Most high school band directors struggle semester to semester, trying to scrape up money for equipment and supplies, but music department chairman Harry Corea at Corona del Mar High turns down groups who offer to hold fund-raisers.
Corea has a better source.
"I write a letter home to the parents," said Corea, who has been teaching in the Newport-Mesa Unified School District for 29 years. "They send me all I need--$3,000, $4,000."
Praise from parents after a recent concert performed by Corea's stringed orchestra helped show why he earned the county Department of Education's award for Outstanding Contribution to Education of Students.
"You've really given them a wonderful exposure to music," said Carol Guthrie, whose son, Brett, plays the violin in the orchestra.
Mardi Burcaw and her husband, Mark, also lauded Corea for passing his commitment along to students. "The amount of homework he has them do is outstanding," she said.
"I'm (also) learning," her husband added.
The department presents the award to 20 people throughout the year whose "unique efforts have impacted the education of Orange County students," said Phyllis Berenbeim, coordinator of the awards program.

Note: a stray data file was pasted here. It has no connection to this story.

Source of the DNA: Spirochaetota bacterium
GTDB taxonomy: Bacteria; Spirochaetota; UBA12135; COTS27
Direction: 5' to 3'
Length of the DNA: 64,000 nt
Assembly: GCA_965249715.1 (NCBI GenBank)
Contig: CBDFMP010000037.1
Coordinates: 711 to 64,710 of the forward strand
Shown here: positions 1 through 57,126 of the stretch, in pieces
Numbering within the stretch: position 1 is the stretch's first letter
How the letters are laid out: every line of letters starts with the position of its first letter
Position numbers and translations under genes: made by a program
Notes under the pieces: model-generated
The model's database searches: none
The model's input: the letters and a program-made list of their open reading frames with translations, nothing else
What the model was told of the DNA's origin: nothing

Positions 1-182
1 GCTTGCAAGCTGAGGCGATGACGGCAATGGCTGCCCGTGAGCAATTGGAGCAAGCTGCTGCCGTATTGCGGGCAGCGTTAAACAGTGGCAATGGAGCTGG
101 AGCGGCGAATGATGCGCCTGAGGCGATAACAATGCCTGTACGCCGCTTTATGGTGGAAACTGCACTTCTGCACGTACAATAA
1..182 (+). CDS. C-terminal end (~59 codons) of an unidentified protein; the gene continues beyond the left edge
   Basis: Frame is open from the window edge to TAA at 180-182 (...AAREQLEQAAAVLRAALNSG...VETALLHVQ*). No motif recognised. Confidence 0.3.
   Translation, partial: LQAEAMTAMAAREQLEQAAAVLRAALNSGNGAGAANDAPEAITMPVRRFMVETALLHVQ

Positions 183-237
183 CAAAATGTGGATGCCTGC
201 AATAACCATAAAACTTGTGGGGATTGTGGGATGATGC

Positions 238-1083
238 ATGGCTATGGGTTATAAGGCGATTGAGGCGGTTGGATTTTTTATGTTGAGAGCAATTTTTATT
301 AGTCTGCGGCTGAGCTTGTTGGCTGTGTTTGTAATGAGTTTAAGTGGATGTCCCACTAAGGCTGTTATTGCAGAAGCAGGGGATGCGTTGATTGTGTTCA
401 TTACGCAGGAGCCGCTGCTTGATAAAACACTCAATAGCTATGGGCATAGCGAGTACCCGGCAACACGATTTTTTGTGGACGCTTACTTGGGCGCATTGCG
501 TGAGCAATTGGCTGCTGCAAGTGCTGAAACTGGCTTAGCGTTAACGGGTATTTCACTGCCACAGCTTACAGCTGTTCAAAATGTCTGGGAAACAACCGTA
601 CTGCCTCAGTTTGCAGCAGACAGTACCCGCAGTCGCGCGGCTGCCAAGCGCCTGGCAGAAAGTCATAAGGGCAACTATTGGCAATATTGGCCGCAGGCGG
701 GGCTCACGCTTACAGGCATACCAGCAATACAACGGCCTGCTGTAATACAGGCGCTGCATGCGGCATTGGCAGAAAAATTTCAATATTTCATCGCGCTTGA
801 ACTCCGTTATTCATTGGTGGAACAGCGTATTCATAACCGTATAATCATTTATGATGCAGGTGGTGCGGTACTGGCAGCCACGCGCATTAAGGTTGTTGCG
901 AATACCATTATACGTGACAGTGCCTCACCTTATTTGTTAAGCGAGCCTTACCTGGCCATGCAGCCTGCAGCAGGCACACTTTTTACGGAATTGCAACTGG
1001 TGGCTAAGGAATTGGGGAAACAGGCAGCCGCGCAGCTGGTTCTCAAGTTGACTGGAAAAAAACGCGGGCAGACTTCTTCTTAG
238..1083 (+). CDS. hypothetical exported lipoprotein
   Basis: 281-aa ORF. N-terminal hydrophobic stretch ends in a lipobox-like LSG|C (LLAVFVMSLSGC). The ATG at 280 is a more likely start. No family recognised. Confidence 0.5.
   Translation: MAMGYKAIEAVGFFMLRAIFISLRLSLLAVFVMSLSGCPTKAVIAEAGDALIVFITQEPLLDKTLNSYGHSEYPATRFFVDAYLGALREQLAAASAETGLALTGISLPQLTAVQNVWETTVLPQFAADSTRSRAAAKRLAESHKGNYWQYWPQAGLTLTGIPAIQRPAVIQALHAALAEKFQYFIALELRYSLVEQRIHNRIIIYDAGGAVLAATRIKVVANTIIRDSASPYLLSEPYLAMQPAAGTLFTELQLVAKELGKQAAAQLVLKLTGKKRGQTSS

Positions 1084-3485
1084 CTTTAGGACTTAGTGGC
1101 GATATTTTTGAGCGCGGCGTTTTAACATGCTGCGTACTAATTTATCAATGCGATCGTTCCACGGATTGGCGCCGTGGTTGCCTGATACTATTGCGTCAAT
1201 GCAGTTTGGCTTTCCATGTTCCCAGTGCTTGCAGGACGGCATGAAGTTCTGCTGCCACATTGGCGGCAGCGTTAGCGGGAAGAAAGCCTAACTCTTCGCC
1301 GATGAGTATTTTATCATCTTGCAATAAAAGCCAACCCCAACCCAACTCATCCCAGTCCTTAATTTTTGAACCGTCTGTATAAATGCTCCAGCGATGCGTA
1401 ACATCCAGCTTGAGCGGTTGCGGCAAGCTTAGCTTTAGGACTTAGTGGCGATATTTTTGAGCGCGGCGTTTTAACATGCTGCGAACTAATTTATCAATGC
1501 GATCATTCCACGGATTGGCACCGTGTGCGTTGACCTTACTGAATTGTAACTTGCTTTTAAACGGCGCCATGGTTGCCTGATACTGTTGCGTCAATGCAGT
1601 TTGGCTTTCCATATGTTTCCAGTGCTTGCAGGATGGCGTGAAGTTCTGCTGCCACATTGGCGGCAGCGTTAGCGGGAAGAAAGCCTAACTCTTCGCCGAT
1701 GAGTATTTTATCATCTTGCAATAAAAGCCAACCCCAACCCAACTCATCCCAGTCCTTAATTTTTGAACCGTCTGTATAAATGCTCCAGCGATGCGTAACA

Honorees are selected from nominations submitted by the community.
"We are grateful parents, who appreciate that Mr. Corea has kept the spirit of music alive in an environment that supports mostly sports as extracurricular activity," parent Milvi Vanderslice wrote when she nominated Corea for the award.
She also quoted a student as saying: "He's the only one I know who loves what he does."
A performer since childhood, Corea has taken high school bands and the orchestra to competitions across the country, garnering awards and trophies. In 1974, the orchestra was named third best in the country at a national competition. The walls of his band room are dotted with plaques, awards and application forms for future competitions and scholarships. There are also fading photographs of marching bands.
Before Proposition 13 capped the property taxes that school districts could levy, forcing major spending cuts, Corona del Mar's marching and concert bands boasted a combined 100 members, and the orchestra had about 30, Corea said.
Today, about 50 students are in the concert band and orchestra. The school no longer has a marching band.
Faced with an annual budget of up to $5,000--just $1,300 of which comes from the district--Corea began appealing to parents for money a few years ago.
The money helps pay for instrument repairs, performances throughout the community and supplies.
"I couldn't do it without the community help," he said, adding: "I just want to keep doing it, and to try to restore music to its place."